Carter Says Strong Encryption A “Good Thing.” The Wall Street Journal  (3/1, Zakrzewski, Subscription Publication) reports that in a speech to a civic group in San Francisco on Tuesday, Defense Secretary Ash Carter said that strong encryption is a “good thing” and called on Silicon Valley to work with policy makers to sort out the “complex challenges” that encryption presents to law enforcement. Carter said, “As we together engineer approaches to overall human security in the information age, I know enough to recognize that there will not be some simple, overall technical solution—a so-called ‘back door’ that does it all.”

Higher Education

Education Experts Address Closing The STEM Diversity Gap.

Diverse Education  (3/1, Morris) reports Department of Education undersecretary Ted Mitchell said Monday during a roundtable conversation at the National Academies of Sciences, Engineering, and Medicine that the US has a “moral responsibility” to close the gaps in STEM degree achievement among minorities. According to the Education Department, historically black colleges and universities make up only 3 percent of the nation’s colleges and universities, yet produce 27 percent of African-Americans with bachelor’s degrees in the STEM fields. Dr. Ivory Toldson, executive director of the White House Initiative on HBCUs, said that they have “similar outcomes” to highly regarded research universities despite lacking the “type of research equipment, and the type of high salaries and type of facilities that it takes to run a research institution.” A report by the Association of American Medical Colleges also warns that the amount of black men applying to medical school has declined between 1978 and 2014, while enrollment by black women, Hispanics, Latinos, and Asians has increased.

OIG Report Says ED Misled Public About Student Loan Servicers.

The Washington Post  (3/1, Douglas-Gabriel) reports that ED’s inspector general has released a report saying the department “conducted a deeply flawed review of its student loan servicers…and knowingly misled the public about the findings.” The report is about “an audit administered after the Justice Department fined student loan servicer Navient Solutions $60 million in 2014 for unlawfully charging active-duty service members high interest rates on student loans.” Then-Education Secretary Arne Duncan vowed to review all servicers “and later said there was little evidence of any wrongdoing.” However, the new report “rebuts those claims and paints the department’s investigation as shortsighted and inaccurate.” Sen. Elizabeth Warren (D-MA) called the “report ‘a stunning indictment of the Department of Education’s oversight of student loan servicers, exposing the extraordinary lengths to which the Department will go to protect these companies when they break the law.’” ED spokeswoman Dorie Nolt “said in an email that the department takes the issues raised in the inspector general’s report ‘very seriously’ and plans to ‘review the findings more carefully and take any appropriate steps to ensure the Department’s reviews of financial institutions meet the highest standards.’”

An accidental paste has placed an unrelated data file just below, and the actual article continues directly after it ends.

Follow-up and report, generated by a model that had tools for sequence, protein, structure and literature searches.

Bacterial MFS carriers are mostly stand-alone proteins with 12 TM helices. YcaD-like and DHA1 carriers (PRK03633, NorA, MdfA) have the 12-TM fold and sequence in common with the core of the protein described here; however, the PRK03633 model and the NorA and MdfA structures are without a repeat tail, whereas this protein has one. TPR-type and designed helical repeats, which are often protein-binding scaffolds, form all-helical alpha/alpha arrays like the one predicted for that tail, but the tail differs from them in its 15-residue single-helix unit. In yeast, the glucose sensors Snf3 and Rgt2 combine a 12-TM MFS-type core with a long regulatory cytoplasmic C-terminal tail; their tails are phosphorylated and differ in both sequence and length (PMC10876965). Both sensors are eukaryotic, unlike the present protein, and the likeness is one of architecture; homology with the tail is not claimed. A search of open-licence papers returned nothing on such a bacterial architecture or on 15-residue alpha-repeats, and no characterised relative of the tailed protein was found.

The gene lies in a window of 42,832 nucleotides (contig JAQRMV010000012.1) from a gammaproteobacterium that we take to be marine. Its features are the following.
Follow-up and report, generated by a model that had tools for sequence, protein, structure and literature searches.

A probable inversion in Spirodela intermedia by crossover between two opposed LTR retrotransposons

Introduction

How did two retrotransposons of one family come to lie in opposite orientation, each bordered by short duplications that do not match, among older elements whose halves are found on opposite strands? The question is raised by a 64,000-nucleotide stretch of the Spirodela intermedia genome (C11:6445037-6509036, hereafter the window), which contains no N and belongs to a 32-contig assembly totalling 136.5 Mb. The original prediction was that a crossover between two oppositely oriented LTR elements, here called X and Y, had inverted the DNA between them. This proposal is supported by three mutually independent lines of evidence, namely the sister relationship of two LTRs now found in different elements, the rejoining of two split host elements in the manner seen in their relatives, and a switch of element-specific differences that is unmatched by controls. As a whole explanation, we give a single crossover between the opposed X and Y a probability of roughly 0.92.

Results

The AP  (3/1, Kerr) says the report says ED “had a faulty sampling design that meant it tested too few borrowers for the interest rate cap, as well as other errors in how the review was conducted.” This piece explains that Warren, Sen. Patty Murray (D-WA), and Sen. Richard Blumenthal (D-CT) requested the report because “they were concerned about the methodology of the department’s review and whether it adequately identified military personnel who had been overcharged.” The Chronicle of Higher Education  (3/1) also covers this story.

College Programs In Prison Are Gaining More Funding.

The AP  (3/1, Blankinship) reports that college education in American prisons is growing again, more than two decades since the federal government blocked funding for college programs in jail. The resurgence comes as “everyone from President Barack Obama to state policymakers are looking for ways to get better results from the $80 billion the US spends annually on incarceration.” In the years since, private money has helped maintain some prison education programs. Some studies have shown that these programs “cut crime and prisons costs by helping inmates go home and stay there instead of returning.” According to a Rand Corporation study, inmates who participate in “any kind of educational program” in prison are 43 percent less likely to reoffend. More dollars coming now due to a recent decision by the US Department of Education to again experiment with federal Pell Grants for inmate students. To date, 47 states have applied to participate in the program.

ASEE ED on NPR’s Air Talk
Norman Fortenberry discussed the efforts to make STEAM from STEM

Surmounting the Barriers
The joint NAE-ASEE report makes recommendations for breaking down long-identified barriers to diversity in higher education.

Research and Development

Army Researchers Tell House Panel Laser Weapons To Deploy In 2023.